To make this new and growing adaptation effort sustainable, can organizations and the teams within them afford not to learn new interactional modalities, new postures that will allow them to evolve calmly and discerningly in an uncertain environment?

How can we sustainably deliver more value to the customer?

In a volatile world, reality is changing, and the only way to predict is to validate step by step the attempts, as signified by the "C" (check) in the PDCA cycle. Thus, the ultimate judge that guides all successive adaptations of the transformation becomes the value delivered to the customer.

Alongside Design, it is with feedback (fast feedback) that the adequacy of the delivered value to the customer is verified. This feedback can only be based on delivered production. The regularity of delivery to the customer becomes a crucial issue; frequent delivery shifts from a commercial objective to a structuring strategic issue to understand the evolution of our client's needs.

How can we sustainably deliver more value to the customer?

Solving complex problems is a skill that presupposes the collaboration capacity of the collective. It requires intelligible systems for intelligent people, with both realities feeding off each other.

The classic figure of the manager will not emerge unscathed from this atomic change. From a task distributor/controller, they will become a facilitator of collective intelligence, serving the growth of teams as well as maintaining the vision that underlies the organization.

The notion of "we," limited to (necessarily strategic) actors, will not be sufficient to accommodate the consideration of the complexity of this "new normal," requiring a deep, cultural transformation of the relationship to work, colleagues, and managers.

How can we sustainably deliver more value to the customer?

It is on this last aspect of the "How" that the ability of organisations to adapt to changing conditions depends. A quick look at the last thirty years of business transformation shows that the difficulty is not so much in designing new production methods... as in implementing them while taking existing methods into account.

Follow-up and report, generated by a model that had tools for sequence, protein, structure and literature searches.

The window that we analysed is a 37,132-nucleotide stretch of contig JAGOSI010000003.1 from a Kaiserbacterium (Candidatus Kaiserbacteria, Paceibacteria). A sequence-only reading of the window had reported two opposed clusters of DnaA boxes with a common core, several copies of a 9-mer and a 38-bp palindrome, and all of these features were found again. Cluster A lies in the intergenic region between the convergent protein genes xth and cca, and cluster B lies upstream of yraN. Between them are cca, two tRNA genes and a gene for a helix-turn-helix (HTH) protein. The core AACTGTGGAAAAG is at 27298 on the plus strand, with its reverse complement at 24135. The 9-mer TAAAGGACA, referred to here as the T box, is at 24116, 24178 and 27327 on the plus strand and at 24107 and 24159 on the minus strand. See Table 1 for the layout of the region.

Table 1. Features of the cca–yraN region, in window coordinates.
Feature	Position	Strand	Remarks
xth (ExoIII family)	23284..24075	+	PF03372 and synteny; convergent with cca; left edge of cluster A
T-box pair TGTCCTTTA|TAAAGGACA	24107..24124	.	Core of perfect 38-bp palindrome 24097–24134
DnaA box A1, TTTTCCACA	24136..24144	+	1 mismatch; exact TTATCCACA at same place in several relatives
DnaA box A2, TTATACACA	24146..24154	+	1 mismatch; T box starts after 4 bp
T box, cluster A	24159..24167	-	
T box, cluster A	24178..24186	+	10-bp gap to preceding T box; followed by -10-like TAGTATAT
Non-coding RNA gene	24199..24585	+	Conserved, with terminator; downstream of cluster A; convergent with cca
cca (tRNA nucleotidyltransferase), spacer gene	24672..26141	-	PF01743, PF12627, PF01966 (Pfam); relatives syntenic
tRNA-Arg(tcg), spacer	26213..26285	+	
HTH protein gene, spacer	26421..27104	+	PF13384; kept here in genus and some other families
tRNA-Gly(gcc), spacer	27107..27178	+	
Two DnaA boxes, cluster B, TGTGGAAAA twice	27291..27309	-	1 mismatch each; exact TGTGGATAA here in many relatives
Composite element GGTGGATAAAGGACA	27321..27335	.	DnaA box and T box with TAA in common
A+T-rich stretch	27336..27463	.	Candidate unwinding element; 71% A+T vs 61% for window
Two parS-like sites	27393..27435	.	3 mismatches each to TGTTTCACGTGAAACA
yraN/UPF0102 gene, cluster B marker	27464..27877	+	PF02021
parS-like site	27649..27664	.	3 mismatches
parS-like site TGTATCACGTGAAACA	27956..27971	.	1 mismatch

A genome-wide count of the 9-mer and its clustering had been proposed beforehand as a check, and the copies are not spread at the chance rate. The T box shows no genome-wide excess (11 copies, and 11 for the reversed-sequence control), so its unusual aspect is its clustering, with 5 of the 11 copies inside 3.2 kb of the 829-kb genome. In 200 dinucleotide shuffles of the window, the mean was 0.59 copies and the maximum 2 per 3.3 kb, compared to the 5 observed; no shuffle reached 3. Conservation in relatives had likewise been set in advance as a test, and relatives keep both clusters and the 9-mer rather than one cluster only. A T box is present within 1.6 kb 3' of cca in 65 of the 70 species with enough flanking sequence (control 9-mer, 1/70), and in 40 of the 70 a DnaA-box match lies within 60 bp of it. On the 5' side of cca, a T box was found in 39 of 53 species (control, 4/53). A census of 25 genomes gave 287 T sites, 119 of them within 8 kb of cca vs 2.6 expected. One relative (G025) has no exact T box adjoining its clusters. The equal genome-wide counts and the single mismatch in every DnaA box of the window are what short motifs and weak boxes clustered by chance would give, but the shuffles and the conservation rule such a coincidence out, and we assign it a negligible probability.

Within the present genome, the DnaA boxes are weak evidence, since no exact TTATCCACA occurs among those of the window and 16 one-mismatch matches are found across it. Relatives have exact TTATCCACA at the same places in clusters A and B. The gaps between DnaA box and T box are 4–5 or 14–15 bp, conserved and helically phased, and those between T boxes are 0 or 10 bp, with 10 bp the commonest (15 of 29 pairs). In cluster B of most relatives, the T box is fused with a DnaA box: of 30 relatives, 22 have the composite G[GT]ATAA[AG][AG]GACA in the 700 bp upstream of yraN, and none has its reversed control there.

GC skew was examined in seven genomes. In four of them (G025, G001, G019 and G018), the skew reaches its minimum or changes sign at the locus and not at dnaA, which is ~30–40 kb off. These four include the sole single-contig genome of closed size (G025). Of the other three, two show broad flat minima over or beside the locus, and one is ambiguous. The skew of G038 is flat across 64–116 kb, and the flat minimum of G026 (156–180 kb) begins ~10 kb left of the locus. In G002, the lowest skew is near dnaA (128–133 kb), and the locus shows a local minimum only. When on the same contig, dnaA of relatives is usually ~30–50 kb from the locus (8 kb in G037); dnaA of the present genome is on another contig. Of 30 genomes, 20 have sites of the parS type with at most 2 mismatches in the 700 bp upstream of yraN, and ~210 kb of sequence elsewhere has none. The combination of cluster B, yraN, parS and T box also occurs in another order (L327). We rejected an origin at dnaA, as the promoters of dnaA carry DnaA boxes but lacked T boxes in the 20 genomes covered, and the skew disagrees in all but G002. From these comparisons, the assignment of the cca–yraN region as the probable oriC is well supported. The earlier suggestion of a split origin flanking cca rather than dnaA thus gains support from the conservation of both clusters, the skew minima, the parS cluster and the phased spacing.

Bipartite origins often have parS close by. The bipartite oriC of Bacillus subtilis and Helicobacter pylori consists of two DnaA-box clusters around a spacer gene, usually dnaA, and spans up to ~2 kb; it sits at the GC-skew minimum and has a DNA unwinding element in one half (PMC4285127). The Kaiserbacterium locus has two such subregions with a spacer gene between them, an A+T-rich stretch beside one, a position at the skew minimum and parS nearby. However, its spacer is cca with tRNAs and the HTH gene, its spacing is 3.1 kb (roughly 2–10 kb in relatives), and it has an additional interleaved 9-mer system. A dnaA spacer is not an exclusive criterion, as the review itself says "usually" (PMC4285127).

Lean and Agile also share a common approach in the injunction "we start where we are", without making theoretical transformation... a prerequisite for practical transformation.  

As the desired state of transformation is not set in stone (or in the slides of the umpteenth consultancy firm), it is even easier for new methods to be discovered by players who are reinventing the capacity for experimentation in systems that are sometimes sclerotic.

The stakes, the vision, the ambition, the "For What" are the prerequisites which, when compared with the situation, enable a trajectory to be determined. And to avoid falling into the trap of tunnel programming, there is no requirement for the vision to be a precise point of destination, nor for the trajectory to be certain: both can be revised.  

Returning to the Origins of Lean/Agile: A Frugal Attitude

The scarcity of resources is a path we are engaged in, concerning energy, time, and our collective intelligence capacities (for example, with the telecommuting tsunami).

In this new ecosystem, the resources involved in the transformation will need to be used frugally, with the goal of leveraging the creative capacity of teams to quickly make the right decisions, always in continuous relation with customer demand, guided by the "just necessary": neither too much nor too little.

This situation is similar to the creation of Lean, which introduces the pull flow to compensate for the scarce resources accessible by the post-war Japanese economy, or to the Agile movement, which was born to end the recurring failures of IT projects, moving from planning to an incremental, iterative, and adaptive approach.

The profound cultural transformations that occur through the practice of Lean/Agile approaches are the goal. Thanks to these transformations, organizations can prepare themselves to adapt to a rapidly changing world, guided by a coherent value system and relying on the collective intelligence of their collaborators.

And, given the urgency of the situation, it's a good thing that this collective intelligence is available: it's up to us to find ways of putting it to use.